The Parasol Family & The Bonita Trust
The Bonita Trust is a philanthropic trust established under Gibraltar law in 2004, with Ruth Parasol its principal benefactor and founding member. The Trusts’ efforts are geared to acknowledge the need to aid people and institutions serving them, to address health and education challenges.
Since its inception Bonita has committed over £15 million pounds to both communal based and cross-border projects in the areas of health, medical research, human community services, education, culture and heritage, female entrepreneurship and disaster relief.
Ruth Parasol, successful entrepreneur and founder of PartyGaming Plc, daughter of holocaust survivor Richard Parasol, is the principal benefactor and founding member of Bonita Trust's International Advisory Board.
As a second-generation holocaust survivor I grew up listening to epic stories about an ancient Jewish-Polish tradition struggling to survive under Nazi occupation. I was deeply influenced by my family’s unique story, which for me represents both darkness and silver lining co-existing in those days.
Therefore, I especially cherish this project as it commemorates not only the tragedies of the mid 20th century, but also emphasizes the tremendous contribution of the thousand year old Jewish cultural heritage to Poland, Europe and the whole civilization; all represented in a contemporary 21st century style.
Richard Parasol was born in Czestochowa, Poland in 1935, as an only child within the Jewish middle-class Parasol family.
His earliest years were wrought with the terror and loss surrounding the Holocaust. In 1941, at age six, his family was forced by the Nazis from their home and “relocated” to the city’s Jewish ghetto. At age eight, Richard became a “Hidden Child” and it would be the last time he would see his parents alive. Under the care of a Polish Catholic family, Richard hid until the war’s end in 1945. By adolescence, he had witnessed and endured enormous personal tragedy, yet he was affixed to survive and move forward. Astray without family or resources, Richard began the arduous journey as an orphan-refugee that would lead him out of Poland, through continental Europe and into Israel.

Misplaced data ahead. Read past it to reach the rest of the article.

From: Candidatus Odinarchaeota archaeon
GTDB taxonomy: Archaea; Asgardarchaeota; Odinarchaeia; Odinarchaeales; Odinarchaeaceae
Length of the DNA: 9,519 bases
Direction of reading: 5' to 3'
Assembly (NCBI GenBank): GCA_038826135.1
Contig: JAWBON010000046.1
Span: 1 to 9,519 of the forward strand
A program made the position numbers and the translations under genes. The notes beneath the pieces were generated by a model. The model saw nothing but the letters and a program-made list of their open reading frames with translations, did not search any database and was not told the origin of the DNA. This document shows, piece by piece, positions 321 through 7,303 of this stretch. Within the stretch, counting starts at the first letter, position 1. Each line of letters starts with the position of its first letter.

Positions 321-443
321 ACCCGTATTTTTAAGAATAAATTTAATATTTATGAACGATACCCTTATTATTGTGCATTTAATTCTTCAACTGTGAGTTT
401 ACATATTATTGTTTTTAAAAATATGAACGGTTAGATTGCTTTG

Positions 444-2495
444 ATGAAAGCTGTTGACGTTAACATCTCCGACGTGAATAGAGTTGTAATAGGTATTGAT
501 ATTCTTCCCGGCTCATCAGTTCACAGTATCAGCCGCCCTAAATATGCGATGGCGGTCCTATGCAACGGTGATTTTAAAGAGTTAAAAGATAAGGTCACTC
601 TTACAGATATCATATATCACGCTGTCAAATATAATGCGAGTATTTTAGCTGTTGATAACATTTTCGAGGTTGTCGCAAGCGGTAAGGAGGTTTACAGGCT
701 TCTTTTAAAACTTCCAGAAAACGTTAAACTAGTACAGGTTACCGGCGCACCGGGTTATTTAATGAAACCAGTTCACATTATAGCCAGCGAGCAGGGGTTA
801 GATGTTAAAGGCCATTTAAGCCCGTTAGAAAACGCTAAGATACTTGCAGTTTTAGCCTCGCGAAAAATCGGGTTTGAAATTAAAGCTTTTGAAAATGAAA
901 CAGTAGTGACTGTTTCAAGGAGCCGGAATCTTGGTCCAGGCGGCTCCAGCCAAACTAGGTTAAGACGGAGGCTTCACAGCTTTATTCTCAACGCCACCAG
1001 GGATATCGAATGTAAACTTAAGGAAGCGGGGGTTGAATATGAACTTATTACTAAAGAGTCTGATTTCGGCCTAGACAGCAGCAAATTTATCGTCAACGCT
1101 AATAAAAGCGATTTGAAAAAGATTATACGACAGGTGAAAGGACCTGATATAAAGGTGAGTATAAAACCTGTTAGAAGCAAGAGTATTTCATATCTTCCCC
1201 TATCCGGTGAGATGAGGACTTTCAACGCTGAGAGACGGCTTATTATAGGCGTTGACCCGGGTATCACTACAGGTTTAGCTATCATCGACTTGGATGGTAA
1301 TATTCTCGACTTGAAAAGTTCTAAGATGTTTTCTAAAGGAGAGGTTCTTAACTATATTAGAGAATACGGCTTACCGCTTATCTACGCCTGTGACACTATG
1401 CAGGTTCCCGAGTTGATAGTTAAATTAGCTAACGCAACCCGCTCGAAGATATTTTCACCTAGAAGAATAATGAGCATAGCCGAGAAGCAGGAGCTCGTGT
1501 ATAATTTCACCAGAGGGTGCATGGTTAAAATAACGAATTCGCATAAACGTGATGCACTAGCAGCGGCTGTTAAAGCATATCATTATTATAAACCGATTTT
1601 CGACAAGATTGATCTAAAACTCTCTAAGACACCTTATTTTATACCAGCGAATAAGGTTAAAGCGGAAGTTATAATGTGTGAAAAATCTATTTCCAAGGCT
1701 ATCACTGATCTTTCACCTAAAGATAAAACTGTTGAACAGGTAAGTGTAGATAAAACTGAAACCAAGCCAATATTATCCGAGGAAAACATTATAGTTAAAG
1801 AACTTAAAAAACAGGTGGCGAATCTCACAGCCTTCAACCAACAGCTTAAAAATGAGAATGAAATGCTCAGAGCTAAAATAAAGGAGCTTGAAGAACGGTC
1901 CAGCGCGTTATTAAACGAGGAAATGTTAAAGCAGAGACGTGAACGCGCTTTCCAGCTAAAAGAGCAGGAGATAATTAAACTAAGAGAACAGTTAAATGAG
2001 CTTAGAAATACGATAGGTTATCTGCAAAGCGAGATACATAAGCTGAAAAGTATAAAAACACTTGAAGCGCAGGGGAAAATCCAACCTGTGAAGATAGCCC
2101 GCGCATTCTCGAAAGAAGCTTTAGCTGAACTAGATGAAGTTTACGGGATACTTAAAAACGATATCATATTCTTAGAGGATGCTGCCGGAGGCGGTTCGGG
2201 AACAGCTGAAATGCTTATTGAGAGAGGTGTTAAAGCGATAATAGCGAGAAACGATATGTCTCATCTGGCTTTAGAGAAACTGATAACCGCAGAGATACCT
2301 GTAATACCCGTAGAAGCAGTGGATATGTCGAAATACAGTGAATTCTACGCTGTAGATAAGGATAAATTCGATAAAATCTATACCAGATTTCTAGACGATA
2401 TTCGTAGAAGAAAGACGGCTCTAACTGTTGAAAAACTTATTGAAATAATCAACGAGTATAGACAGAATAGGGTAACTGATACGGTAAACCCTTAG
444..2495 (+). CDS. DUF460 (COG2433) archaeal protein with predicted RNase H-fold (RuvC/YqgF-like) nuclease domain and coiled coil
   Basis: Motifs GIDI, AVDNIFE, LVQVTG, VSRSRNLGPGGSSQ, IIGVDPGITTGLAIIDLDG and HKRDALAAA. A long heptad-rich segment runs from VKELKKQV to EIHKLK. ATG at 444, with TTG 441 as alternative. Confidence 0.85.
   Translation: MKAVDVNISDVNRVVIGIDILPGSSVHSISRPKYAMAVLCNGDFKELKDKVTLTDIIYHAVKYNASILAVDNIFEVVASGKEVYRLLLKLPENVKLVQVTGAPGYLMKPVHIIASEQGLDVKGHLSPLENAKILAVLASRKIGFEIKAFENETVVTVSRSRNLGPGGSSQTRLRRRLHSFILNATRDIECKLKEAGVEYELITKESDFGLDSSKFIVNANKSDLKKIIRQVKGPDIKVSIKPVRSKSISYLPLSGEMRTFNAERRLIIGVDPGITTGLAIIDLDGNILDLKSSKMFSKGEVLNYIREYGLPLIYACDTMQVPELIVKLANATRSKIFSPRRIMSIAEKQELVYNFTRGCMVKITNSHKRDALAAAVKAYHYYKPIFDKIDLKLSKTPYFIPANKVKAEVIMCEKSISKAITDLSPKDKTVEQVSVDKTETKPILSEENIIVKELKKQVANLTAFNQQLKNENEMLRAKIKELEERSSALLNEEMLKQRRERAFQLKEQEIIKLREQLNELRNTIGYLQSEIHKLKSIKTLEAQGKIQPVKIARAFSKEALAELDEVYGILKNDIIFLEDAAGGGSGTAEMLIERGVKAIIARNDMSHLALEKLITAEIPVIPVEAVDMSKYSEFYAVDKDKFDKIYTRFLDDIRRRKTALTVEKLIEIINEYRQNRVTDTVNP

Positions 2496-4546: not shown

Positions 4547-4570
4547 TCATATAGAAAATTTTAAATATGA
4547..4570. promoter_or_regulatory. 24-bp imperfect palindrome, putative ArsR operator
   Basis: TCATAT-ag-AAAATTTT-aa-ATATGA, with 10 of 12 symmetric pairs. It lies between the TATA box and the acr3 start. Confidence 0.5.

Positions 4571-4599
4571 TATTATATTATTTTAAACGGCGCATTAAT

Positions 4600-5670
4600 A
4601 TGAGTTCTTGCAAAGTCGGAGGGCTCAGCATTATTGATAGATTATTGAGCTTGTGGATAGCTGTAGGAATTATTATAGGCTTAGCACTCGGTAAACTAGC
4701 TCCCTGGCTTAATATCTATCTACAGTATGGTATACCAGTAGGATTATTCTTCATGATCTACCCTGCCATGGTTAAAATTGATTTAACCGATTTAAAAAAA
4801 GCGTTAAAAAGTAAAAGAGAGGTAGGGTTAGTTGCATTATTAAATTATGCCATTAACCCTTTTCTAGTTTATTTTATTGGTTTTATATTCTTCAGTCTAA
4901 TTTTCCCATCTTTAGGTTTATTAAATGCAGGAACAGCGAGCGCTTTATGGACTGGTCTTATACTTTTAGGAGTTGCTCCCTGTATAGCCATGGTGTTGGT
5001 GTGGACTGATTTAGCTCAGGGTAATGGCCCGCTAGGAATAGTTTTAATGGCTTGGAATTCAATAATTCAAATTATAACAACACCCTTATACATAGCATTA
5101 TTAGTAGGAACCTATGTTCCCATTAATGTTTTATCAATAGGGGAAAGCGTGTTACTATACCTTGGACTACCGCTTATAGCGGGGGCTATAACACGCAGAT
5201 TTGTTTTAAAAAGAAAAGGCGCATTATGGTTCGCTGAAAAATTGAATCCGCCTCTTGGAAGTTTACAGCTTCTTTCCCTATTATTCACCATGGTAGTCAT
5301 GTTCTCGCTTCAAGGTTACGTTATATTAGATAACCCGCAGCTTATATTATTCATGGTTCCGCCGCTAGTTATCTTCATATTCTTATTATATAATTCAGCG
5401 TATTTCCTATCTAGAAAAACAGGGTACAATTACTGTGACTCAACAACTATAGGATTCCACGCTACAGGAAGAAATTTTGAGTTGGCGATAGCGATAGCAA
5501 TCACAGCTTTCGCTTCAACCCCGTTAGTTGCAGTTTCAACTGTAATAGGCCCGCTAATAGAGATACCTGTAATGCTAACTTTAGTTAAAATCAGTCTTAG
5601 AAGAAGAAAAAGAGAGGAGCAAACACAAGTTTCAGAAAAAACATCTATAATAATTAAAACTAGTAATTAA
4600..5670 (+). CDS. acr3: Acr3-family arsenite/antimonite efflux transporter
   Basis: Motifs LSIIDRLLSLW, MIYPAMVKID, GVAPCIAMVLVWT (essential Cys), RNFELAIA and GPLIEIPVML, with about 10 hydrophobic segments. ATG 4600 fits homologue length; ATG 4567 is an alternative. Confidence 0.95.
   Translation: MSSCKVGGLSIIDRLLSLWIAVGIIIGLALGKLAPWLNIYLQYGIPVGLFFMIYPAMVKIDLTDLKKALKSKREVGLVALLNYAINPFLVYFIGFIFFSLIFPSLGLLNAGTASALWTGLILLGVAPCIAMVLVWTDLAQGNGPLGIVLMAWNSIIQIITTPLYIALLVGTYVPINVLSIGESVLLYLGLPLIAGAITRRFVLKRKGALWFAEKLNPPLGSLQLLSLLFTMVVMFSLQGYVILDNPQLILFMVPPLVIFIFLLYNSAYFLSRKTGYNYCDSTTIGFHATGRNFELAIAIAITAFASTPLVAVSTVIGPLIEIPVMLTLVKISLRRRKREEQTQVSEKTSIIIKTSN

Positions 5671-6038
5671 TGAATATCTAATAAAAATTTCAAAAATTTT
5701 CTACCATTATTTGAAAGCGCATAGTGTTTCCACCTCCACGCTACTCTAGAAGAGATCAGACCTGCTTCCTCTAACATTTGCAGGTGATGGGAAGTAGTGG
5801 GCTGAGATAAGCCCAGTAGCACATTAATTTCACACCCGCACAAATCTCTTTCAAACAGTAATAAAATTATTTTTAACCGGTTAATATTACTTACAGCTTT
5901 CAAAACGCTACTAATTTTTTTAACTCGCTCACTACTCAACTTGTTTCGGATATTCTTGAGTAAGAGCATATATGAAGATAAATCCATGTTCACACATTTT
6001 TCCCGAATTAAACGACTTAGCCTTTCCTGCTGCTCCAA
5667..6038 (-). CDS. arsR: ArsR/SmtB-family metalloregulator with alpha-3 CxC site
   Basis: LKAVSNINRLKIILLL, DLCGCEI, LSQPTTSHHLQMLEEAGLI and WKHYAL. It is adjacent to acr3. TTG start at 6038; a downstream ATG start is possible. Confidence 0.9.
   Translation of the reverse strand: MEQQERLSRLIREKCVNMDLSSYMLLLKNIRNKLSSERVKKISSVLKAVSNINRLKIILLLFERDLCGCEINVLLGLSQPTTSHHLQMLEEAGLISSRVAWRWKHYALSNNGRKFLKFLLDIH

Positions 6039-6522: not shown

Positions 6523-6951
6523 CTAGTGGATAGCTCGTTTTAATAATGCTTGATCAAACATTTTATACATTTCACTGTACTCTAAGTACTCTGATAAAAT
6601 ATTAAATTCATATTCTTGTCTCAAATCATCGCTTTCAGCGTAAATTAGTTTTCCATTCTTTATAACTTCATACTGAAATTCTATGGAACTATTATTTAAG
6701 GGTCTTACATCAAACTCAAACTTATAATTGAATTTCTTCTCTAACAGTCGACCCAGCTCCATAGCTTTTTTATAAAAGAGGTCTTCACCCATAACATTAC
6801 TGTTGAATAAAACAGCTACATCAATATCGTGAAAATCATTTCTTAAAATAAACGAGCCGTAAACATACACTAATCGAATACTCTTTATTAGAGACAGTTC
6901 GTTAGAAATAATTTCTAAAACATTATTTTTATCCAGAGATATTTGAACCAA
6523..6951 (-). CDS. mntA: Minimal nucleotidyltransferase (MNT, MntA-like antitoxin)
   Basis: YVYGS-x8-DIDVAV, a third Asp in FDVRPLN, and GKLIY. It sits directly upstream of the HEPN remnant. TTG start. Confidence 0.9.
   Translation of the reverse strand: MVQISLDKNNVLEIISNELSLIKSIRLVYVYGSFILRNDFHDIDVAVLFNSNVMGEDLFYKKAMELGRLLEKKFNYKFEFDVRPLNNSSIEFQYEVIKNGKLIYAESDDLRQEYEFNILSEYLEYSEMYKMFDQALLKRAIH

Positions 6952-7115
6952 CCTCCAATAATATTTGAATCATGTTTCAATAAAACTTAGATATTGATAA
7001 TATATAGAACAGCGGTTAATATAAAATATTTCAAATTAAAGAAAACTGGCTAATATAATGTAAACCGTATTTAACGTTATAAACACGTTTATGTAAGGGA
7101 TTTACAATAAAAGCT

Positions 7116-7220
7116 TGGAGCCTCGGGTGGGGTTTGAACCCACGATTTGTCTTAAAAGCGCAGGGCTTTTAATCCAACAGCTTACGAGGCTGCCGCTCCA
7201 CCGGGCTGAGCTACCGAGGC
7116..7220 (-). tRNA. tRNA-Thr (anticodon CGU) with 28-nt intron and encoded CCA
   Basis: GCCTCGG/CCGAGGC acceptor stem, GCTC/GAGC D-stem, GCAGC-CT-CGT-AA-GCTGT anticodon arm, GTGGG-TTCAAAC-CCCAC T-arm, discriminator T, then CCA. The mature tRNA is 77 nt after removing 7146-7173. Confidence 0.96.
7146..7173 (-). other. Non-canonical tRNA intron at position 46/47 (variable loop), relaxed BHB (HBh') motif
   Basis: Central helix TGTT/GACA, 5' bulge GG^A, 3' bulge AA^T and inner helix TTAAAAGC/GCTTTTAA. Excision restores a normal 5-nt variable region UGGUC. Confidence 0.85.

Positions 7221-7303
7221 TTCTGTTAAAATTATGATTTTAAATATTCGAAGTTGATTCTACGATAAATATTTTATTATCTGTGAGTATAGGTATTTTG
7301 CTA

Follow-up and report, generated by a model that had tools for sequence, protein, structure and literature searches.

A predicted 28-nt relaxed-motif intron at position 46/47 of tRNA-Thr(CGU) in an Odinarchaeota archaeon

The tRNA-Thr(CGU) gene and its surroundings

In 1948 Richard was successfully able to enter Israel and began his life studying and working in kibbutz Ein Harod. Kibbutz life helped to support the young orphan carve a future out for himself.
After a mandatory service in the IDF during the Suez Crisis of 1956 Richard was able to immigrate to the US to study mechanical engineering at California Polytechnic State University (Cal Poly). After graduating, he worked as an engineer for several years, and in 1964 left and used his hard earned savings to start buying and selling apartments in San Francisco. By 1976 Richard was a successful real estate developer of apartments and office buildings, managing a significant portfolio of industrial and commercial projects. This career spans five decades and includes over twenty-five large-scale FHA (Federal Housing Administration) housing complexes across several US states.
Richard’s entrepreneur spirit carried over into other businesses both small and large including resturants, clubs, medical devices and telephonics.
Richard Parasol currently serves on the Board of Directors of JDC, and assists in overseeing allocation of funds directly contributed by Bonita to various projects. His enormous career and life experience provide an essential soundboard for research, management, planning, and decision-making.
Richard’s energy, kindness, and drive are both infectious and motivating. Wherever he ventures, he seeks to make a difference and is a role model to both young and old, the talk-to-the-person next to you, make a new friend every day and never say never spirit.
The strong relationship between Jews and Pols is rooted deeply into the history of Europe and modern civilization. Thanks to this relationship I managed to survive as a hidden child during the horrendous times of World War II.
In the following years the Jewish ‘tribe’ as I like to call it, has found the strengths to revive itself, only this time it was in the State of Israel, a glorious chapter in Jewish history which I had the privilege to be part of.
The Museum of History of Polish Jews is located in the historical center of the Jewish community and will no doubt demonstrate some of the worst moments of mankind which took place on Polish soil. This chapter in history is well taught throughout western and modern societies. However, I believe that other great aspects of the Jewish-Polish heritage, which include its enormous contribution to both cultural and scientific progress, should be better commemorated.
Therefore, the main achievement of the Museum would be its ability to educate people from around the world; not only about the tragedies but rather about these fundamental foundations of modern progress which were originated in the core values of this community.